Thursday, October 24, 2013

What has Kids First's campaign claim of "continued educational improvement for all children in the district" meant for QSAC Scores on Instruction and Program? Instruction and Program scores have dropped from a high of 87% Pre-Kids First leadership to 68% (failing) according to the NJ Dept. of Education

In February 2013 the most recent Quality Single Accountability Continuum (QSAC) results were released for the Hoboken School District. QSAC is an independent district assessment that is monitored by the State of New Jersey's Department of Education and is both independent and objective. Unfortunately, Instruction and Program, THE most important and diverse indicator of competence in curriculum, programs, and professional development opportunities for the entire district, is a problematic and increasingly embarrassing area for the district under Kids First. The latest QSAC Instruction and Program area has the district receiving a failing score of 68%, down from the previous failing score of 69% over a year ago (80% is passing). This is especially disconcerting since the first full QSAC assessment after the district's curriculum writing assignment was completed in the school district led to a score of 87%. Falling from 87% to 68% in a few short years is no surprise given the turnover of building principals, turnover of superintendents and assistant superintendents (many who were interims) and academic directors, the failure to implement the revised Hoboken Curriculum and the clear failure of Board leadership in curriculum and instruction under the Kids First political group.  

The other DPR's (Fiscal, Governance, Operations, and Personnel) gains have been maintained. 

Kids First literature indicates pride in their efforts in Instruction and Program as they state how they have advocated and supported new text books, trying to make the argument that past textbooks were inadequate. Having no experience or expertise in Curriculum or Instruction, this is a common assumption to make. Unfortunately, as Kids First has concentrated on relatively superficial aspects of education such as traditional textbooks, smart boards, and laptops (things that are easy to purchase and are fine educational tools but whose acquisition has little statistical correlation with learning when not accompanied with corresponding meaningful professional development)....test scores and QSAC scores have plummeted.The graph of the QSAC Instruction and Program scores clearly show that leadership matters, that policy matters, and indicates how quickly gains and improvements can be lost when apparently well intentioned yet ill informed and incompetent people assume leadership roles in a school district.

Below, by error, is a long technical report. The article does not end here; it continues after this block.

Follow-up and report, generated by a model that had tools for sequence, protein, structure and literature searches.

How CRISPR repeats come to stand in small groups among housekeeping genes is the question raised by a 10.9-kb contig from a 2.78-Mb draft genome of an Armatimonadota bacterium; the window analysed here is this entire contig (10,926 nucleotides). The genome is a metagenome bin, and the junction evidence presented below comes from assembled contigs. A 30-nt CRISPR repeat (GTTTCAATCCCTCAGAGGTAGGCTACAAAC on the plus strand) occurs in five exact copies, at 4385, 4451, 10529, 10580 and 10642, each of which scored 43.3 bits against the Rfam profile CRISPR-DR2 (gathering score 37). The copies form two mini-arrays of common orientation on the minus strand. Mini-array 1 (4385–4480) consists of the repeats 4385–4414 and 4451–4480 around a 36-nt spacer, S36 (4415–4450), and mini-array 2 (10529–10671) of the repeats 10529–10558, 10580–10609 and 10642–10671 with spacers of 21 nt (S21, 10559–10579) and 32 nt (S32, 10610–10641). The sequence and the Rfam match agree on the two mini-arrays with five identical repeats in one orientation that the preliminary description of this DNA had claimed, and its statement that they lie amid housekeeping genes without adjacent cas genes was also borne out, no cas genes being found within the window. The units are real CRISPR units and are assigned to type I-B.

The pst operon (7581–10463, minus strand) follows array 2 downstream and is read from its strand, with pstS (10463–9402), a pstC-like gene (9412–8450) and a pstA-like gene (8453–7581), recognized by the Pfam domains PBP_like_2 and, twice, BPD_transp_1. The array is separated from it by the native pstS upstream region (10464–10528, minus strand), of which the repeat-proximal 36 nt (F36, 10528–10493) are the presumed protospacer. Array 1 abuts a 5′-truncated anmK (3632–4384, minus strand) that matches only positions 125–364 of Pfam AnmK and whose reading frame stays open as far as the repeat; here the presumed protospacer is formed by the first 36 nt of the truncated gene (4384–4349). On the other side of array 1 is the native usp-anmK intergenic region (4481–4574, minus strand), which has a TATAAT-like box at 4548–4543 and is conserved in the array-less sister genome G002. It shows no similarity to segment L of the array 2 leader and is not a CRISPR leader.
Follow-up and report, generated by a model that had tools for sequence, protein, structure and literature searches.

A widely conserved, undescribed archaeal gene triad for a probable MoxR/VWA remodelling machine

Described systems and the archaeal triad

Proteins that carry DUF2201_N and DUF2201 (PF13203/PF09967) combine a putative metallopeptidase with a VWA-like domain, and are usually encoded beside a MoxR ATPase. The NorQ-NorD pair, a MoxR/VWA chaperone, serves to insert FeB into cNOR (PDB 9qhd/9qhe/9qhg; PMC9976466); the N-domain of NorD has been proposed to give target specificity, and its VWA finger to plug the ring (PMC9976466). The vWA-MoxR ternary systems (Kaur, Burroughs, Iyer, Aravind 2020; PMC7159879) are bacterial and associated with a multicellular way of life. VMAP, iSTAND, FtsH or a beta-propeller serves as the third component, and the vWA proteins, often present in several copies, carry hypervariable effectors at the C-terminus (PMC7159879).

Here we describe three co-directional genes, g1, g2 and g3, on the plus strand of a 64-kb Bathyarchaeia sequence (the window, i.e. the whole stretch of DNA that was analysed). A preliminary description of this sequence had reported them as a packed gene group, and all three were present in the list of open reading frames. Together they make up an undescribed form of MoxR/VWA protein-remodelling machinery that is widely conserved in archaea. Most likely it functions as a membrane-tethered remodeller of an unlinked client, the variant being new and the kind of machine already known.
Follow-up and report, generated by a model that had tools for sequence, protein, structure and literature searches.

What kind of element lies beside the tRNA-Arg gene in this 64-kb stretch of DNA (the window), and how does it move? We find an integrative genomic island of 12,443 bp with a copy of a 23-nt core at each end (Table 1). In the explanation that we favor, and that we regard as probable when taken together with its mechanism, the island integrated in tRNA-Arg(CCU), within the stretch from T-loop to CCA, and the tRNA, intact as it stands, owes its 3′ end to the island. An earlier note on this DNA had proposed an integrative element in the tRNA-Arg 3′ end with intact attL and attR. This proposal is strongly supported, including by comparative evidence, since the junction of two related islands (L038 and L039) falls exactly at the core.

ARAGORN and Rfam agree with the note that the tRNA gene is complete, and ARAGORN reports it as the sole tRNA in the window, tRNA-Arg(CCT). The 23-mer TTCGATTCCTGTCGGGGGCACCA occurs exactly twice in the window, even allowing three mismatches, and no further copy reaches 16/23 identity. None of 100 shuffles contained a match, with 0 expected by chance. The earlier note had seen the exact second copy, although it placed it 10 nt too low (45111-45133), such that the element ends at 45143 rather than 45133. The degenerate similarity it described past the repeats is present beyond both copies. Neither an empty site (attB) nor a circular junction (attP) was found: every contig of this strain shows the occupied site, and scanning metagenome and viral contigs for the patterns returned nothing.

Why is this happening? The cause cannot be attributed to a single factor. Rather it is a systemic problem that indicates failure of the district as a complex adaptive system. Consider some of the decisions made in the past few years by Kids First: failure to implement the new curriculum, elimination of the Saturday U Program, a reduction in emphasis on the Johns Hopkins Program, adoption of Advanced Placement despite growing research indicating its problematic nature (Click here for more info), eliminating the Alternative High School, bringing 8th graders into the high school and expanding it to grades 8-12. Subsequent expansion of the high school to 7-12 by bringing in 7th graders. Increasing emphasis on test preparation. 4 principals in the high school in 3 years. 4 principals in Wallace school in 3 years. 3 principals in Connors over 3 years. 3 different assistant superintendents over 3 years. Numerous assistant principals in ALL of these schools. Most troubling is an increasing disconnect in faith and confidence in school and district leadership by the teaching staff. A district that is in constant instructional and programmatic educational flux cannot possibly be effectively reflective and responsive to the needs of its organization. 

According to the letter from the Commissioner of Education, the school district failed in a number of areas in Instruction and Program: 
Included in your district’s DPR file is a template for your district improvement plan (DIP).  Please develop your District Improvement Plan (DIP) to address the failed DPR indicators highlighted in yellow below: DPR: Instruction and Program 1, 2, 3, 4, 7 
So, this becomes yet another example that challenges the contention of "continued educational improvement for all children" made by the political group known as Kids First. Only a group with an Orwellian sense of language and communication could possibly declare that a QSAC decline from 87% to 68% would indicate continued educational improvement for all children. Objective and non partisan evaluation by the New Jersey Department of Education appears to agree. 

The following documents articulate the specific areas where previous gains were lost and where improvement must be made. 

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